Madagascar: Not a cartoon.

Some rules have exceptions. Especially rules you create.

I had every intention on having 10 great photographs to document my recent trip to Madagascar. But, I came across a huge problem. I can’t narrow my photos down to 10. I tried. It was physically painful to do. I started getting sweaty palms and anxious. I actually had to walk around my office to calm down a bit.

I know, I know, they are only photos, right? Wrong.

If you’ve ever created something – a drawing, a photograph, a song, a painting, a sculpture, a bonsai tree, a finger painting, whatever – you get attached to it. I love photography and more importantly, I love my photography. My photos are a documentary on where I’ve been and beautiful moments I’ve captured. These are things I have been truly blessed to experience. Being on the mission field is both an obligation and a privilege. I don’t have great physical abilities and I have a very limited number of spiritual gifts. But, I do have the ability to share pieces of the world with others through photography. I’ve come to realize that photography is a form of worshipping God. What better way is there to praise the Creator than to preserve His creation with images?

Back to my story. I wanted 10 photos. I had 600 to go through. I went through a refining process where I label each photo on a scale of 1-3 stars. 1s get filed away, 2s get edited, 3s get some special attention and some of those make it in to a frame. My challenge was to narrow down 600 photos to just 10 that accomplished the following things: 1) communicated beauty, 2) shared culture and 3) told a story.

This trip was special. It was the most remote location I have visited. But, despite its distance from big city life, the city of Mananjary had a thriving Gospel-centered movement going on. My team and I had a chance to share the Gospel with over 50 people, sit across from a village king, get beat at basketball by barefoot teenagers, dine with a pastor who was healed after 10 years of sickness, pray for a grandmother who lost four family members in six months and swim in the Indian Ocean.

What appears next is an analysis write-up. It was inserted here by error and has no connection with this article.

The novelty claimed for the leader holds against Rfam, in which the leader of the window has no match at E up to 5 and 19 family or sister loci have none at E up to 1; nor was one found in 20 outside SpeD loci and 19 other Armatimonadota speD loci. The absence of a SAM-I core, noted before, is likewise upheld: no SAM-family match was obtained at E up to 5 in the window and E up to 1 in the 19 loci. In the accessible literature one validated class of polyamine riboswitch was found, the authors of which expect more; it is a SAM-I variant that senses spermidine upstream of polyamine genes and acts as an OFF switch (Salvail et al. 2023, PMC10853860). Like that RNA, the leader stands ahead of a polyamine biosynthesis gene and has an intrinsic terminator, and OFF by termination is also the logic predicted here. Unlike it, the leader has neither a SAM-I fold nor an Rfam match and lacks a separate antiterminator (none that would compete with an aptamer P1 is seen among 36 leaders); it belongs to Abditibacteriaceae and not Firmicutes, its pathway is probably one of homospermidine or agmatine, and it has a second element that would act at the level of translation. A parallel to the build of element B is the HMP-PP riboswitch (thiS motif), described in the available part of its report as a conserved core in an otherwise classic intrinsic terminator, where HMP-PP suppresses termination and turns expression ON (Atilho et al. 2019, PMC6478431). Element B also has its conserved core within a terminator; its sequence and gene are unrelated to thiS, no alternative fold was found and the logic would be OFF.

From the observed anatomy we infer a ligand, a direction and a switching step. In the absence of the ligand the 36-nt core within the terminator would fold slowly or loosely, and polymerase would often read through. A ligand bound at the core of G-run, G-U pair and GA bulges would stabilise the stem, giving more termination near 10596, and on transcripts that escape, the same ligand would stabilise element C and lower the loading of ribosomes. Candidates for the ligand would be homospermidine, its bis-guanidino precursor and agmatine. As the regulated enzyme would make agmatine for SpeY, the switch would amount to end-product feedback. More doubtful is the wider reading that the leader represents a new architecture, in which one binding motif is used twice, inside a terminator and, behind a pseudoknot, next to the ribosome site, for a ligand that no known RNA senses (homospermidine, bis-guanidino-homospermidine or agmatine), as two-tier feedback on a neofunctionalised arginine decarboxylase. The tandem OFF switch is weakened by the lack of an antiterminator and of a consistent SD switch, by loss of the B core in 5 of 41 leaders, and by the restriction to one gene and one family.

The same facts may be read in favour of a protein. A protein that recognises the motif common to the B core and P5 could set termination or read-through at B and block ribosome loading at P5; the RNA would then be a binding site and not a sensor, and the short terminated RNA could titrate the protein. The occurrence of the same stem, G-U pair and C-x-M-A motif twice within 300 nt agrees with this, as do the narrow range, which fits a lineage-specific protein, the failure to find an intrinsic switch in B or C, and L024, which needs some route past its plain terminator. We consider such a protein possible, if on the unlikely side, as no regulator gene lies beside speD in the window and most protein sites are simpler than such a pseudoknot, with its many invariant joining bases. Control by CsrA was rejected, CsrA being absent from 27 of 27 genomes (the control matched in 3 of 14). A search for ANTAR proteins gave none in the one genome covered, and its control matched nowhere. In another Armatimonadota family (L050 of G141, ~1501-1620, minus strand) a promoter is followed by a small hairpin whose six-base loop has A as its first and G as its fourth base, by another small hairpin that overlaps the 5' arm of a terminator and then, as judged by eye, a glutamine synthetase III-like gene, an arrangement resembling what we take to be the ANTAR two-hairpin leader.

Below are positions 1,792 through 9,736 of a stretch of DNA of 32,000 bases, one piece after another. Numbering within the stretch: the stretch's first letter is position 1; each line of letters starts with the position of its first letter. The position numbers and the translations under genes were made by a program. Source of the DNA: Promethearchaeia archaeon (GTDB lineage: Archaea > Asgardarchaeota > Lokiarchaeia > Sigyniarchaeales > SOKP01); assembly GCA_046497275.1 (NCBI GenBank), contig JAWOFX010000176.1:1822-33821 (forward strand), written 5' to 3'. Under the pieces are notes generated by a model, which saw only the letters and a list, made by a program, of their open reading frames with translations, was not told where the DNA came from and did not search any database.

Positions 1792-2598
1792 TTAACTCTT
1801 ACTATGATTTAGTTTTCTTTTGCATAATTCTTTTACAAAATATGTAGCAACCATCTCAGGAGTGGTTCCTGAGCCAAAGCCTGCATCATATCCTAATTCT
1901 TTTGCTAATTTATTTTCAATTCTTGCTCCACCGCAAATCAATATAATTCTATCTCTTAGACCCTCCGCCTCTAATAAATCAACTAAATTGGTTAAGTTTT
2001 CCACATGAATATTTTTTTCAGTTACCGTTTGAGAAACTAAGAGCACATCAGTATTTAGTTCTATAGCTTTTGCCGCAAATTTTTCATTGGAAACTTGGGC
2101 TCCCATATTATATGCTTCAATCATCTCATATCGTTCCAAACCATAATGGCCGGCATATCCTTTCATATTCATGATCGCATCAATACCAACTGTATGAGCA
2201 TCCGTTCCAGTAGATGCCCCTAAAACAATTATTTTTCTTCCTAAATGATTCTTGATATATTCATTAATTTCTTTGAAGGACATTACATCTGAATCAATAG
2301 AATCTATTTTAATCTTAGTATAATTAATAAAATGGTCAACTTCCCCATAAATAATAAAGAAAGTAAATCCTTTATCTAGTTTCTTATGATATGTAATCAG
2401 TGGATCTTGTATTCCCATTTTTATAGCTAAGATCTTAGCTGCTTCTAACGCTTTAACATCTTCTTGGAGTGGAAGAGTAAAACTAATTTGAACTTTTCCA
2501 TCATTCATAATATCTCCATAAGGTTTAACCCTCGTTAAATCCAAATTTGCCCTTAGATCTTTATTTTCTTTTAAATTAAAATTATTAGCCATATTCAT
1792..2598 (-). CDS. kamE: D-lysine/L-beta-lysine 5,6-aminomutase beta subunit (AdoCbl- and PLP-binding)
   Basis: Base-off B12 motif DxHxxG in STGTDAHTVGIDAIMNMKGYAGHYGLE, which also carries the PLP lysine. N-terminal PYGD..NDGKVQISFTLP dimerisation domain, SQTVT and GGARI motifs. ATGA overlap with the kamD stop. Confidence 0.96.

After all those experiences 10 photos wasn’t going to happen. But, these are my rules and I can break them (after all, this is my blog.) So, I submit to you my favorite 10 20 photos from my recent trip to Madagascar, Africa.

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Madagascar is a beautiful (and real) place filled with mountains, rain forests and beaches. And no cartoon animals.

There are rice patties everywhere which provide sustenance and money.

There are rice patties everywhere which provide sustenance and money.

We encountered a tradition where the wedding attendants all walk together to the church.

We encountered a tradition where the wedding attendants all walk together to the church.

On the side of the road, these children accompanied their mother who was selling straw bags and hats.

On the side of the road, these children accompanied their mother who was selling straw bags and hats.

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This woman was selling peanuts on the side of the main highway near a scenic overlook.

This woman was selling peanuts on the side of the main highway near a scenic overlook.

The children were curious and fun.

The children were curious and fun.

This woman was reading her Bible on the side of the road and chatted with us for a few minutes.

This woman was reading her Bible on the side of the road and chatted with us for a few minutes.

A herder is walking his zebu on the beach to graze.

A herder is walking his zebu on the beach to graze.

I found these kids along a canal on the way to a village.

I found these kids along a canal on the way to a village.

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This military worker was enjoying some relaxation outside the government office.

This military worker was enjoying some relaxation outside the government office.

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Fishermen are preparing for the day in Mananjary.

Fishermen are preparing for the day in Mananjary.

An inside view of a burned down hospital. I had a blast shooting this dilapidated building.

An inside view of a burned down hospital. I had a blast shooting this dilapidated building.

While visiting the hut of the king of this village, many curious onlookers eavesdropped.

While visiting the hut of the king of this village, many curious onlookers eavesdropped.

These two followed me everywhere and were always ready for a photo.

These two followed me everywhere and were always ready for a photo.

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This little guy melted my heart as I walked by. He just wanted to see what the Americans were up to.

This little guy melted my heart as I walked by. He just wanted to see what the Americans were up to.

This is the village king. At 83, he's the oldest in his village. He started calling me his brother-in-law!

This is the village king. At 83, he’s the oldest in his village. He started calling me his brother-in-law!

 

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2 thoughts on “Madagascar: Not a cartoon.

  1. Sandra Gail Williamson says:

    Oh Jason beautiful photos one day I want to see ALL your mission photos you need to make a book I know the PR person at the book ctr we could sell it!!!!! Love you… So very proud of you and what you do!!!

    Sent from my iPad

  2. Andy says:

    Great photos, bro! Looking through them, I was like “hey I remember that place, but my pictures don’t look nearly as good!” Thanks for sharing

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